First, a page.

Thursday, 18 June 2015

Dismissing children's languages- Michael Rosen

This article appeared in The Teacher magazine, May-June 2015 from , former Children’s Laureate Michael Rosen, on children’s languages being dismissed.

‘Realising potential’ – a motto to cherish:
teach by its aspiration – or perish.
‘Realising potential’ – a motto for today,
the inspiring axiom of AQA,
one of our great examination boards
stuffed with education’s overlords
who rule and regulate what must be taught,
the courses and papers which must be bought.
Along with their colleagues, at OCR
they know it’s time to raise the bar
to show the nation what’s worth knowing,
what’s to keep and what’s for throwing.

The method they’ve used is called ‘priorities’,
what they’ve done is target minorities.
Learned people who know their stuff
say some languages aren’t good enough.
So students fluent in Gujarati
Polish, Turkish or Punjabi
Bengali, Farsee or modern Hebrew,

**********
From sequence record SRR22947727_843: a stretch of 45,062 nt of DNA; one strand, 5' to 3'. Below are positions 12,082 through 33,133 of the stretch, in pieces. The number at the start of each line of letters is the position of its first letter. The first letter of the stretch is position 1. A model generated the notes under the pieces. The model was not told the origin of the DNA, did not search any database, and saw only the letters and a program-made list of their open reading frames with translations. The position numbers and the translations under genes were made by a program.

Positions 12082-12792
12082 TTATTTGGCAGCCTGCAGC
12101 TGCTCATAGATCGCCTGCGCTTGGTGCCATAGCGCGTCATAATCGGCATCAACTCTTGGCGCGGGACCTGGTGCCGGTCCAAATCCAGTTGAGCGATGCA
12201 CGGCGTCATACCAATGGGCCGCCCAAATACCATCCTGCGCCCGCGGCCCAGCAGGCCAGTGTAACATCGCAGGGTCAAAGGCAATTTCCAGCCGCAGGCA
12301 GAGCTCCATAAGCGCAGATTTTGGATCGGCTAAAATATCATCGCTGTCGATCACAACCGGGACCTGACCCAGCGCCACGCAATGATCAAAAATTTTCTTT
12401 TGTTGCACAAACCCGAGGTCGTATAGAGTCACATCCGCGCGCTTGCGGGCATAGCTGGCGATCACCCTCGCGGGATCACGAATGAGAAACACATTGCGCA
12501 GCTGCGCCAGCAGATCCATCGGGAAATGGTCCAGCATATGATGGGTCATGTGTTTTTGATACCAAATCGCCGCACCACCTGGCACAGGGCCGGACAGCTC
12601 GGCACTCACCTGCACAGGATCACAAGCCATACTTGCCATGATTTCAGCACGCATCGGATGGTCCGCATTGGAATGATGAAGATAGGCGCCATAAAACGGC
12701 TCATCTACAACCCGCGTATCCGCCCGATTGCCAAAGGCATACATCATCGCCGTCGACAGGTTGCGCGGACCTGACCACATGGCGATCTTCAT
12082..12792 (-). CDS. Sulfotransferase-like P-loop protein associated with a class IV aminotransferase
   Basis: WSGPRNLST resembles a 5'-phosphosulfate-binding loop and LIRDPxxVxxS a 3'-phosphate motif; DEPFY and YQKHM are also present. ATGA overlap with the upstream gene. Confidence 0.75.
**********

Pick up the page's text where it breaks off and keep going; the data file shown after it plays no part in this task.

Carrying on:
many young bilingual students who
could get themselves a stunning grade
find instead they’ve been betrayed.

Blocked off from using what they know
many of these will not be slow
in figuring what the deal is here
the price they have to pay is dear:
languages in education come marked with a label
giving them positions in a language league table;
some hold a place as wisdom’s fount
while others now just do not count.
This insight they now find is matched
by the fact that language comes attached
to people: families, students who
find themselves at the back of the queue.

This nugget of wisdom, you recognise
it leads your pupils to the highest prize:
doing the best they can possibly do
informed and supported in their work by you.
All that needs is that spark that fire
to lead them on, higher and higher.

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